UCL Institute for Risk and Disaster Reduction


IRDR co-hosts £20m UKRI Tomorrow’s Cities Hub

19 December 2022

IRDR co-hosts the Tomorrow’s Cities Hub, a £20million grant for interdisciplinary risk reduction research and action.

View of tower blocks under construction in Kibera, Nirobi, Kenya

 IRDR’s interdisciplinarity, international research leadership and action-oriented outlook make a perfect home from which to co-host the Tomorrow’s Cities Hub,” Mark Pelling, Tomorrow’s Cities Hub Co-Director.

Tomorrow’s Cities is the UK Research and Innovation (UKRI) Global Challenges Research Fund (GCRF) Urban Disaster Risk Hub – a five-year global interdisciplinary research hub that aims to bring multi-hazard disaster risk management to the centre of urban policy and practice.

It is one of 12 UKRI GCRF Hubs funded in 2019 as part of the UK AID strategy, putting research at the heart of efforts to deliver the United Nation’s Sustainable Development Goals (SDGs).

The project is being co-directed by the IRDR’s Prof Mark Pelling with John McCloskey from the University of Edinburgh (who is also principal investigator). Other IRDR staff involved include Roberto Gentile (co-investigator and work package leader), Thaisa Comelli and Yahya Gamal (Research Fellows) as well as PhD students Mark Ojal and Abby Ewan. Professor Carmine Galasso – joint with UCL’s Department of Civil, Environmental and Geomatic Engineering – leads the Hub’s Risk Working Group and is part of the Hub’s Senior Management Team with Mark Pelling, John McCloskey and the Hub’s Manager Joanna Pitt. Outside IRDR, Tomorrow’s Cities colleagues based at UCL include Gemma Cremen (co-investigator and work package leader), Augustin Guibaud (co-investigator), Fabrizio Nocera and Leandro Iannacone (Research Fellow) and PhD student Chenbo Wang, all based in the Department of Civil, Environmental and Geomatic Engineering. Michel Wahome (Department of Science and Technology Studies) leads the Hub’s Monitoring, evaluation, and learning – also known as MEL.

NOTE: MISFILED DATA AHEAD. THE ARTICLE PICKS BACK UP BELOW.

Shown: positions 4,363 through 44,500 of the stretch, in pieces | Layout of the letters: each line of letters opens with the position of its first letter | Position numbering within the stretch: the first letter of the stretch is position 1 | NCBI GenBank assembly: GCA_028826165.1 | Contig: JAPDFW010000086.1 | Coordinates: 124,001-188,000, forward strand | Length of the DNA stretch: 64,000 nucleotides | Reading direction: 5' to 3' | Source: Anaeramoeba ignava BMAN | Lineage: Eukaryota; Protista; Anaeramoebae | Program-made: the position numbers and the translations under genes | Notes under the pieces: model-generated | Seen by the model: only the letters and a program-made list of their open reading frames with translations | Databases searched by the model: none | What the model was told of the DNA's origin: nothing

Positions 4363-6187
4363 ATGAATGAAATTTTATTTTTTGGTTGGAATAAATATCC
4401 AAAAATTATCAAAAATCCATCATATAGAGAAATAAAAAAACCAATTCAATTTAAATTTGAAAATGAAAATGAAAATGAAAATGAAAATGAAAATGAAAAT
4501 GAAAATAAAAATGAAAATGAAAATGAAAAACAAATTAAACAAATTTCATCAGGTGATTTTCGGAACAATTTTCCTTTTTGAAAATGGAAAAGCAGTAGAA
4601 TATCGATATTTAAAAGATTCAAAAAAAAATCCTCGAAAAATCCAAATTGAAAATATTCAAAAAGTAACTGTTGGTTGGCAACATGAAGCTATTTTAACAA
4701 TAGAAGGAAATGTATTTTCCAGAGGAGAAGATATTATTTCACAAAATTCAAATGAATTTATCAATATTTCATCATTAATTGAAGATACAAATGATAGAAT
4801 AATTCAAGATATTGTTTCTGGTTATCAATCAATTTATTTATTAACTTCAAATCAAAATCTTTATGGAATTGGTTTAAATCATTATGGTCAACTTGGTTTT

Globally, more than two billion people living in cities of low-to-middle-income countries are exposed to multiple hazards such as floods, earthquakes, landslides, volcanoes and fires, threatening the cyclical destruction of their lives and livelihoods. With urban areas expanding at unprecedented rates, this number is expected to reach four billion by 2050.

Failure to integrate multi-hazard disaster risk into urban planning and decision-making presents a major barrier to sustainable development, including the single greatest global challenge of eradicating poverty in all its forms.

But this global challenge is also a major opportunity. As 60% of the area expected to be urban by 2030 remains to be built, we can reduce disaster risk in tomorrow’s cities by design.

The project’s aim is to catalyse a transition from crisis management to multi-hazard risk-informed planning and decision-making that strengthens the voice and capacity of the urban poor.

Tomorrow’s Cities is enhancing risk-sensitive urban development through a global network of integrated research programmes led by local teams in low-to-middle-income countries. The work is interdisciplinary and coproduced with local residents, city and national housing, infrastructure and land-use planners.

Drawing from his European Geosciences Union blog, Roberto Gentile said: “Being co-owned from the start by city actors, including the urban poor enables inclusive, evidence-based policy advocacy and debate around risk-informed urban planning and design”.

The Tomorrow’s Cities Decision Support Environment (TCDSE) brings together six main elements which are adapted to fit individual city risk and development contexts:

  • Institutional mapping, risk and policy analysis
  • Future visioing for low-income urban development and risk reduction
  • Future scenario maping into geographic information systems
  • Computational modelling of hazard and risk
  • Negotistion of prefeences for risk management given desired urban planning futures
  • Action planning for forward planning

Initial work with partners in Istanbul, Kathmandu, Nairobi and Quito is now being globalised in collaboration with new cities, UNDRR and other international partners including the United Cities and Local Government Network.

For more information, visit the project website: www.tomorrowscities.org

Image: Tower blocks under construction in Kibera, Nairobi, Kenya. genvessel, CC BY 2.0, via Wikimedia Commons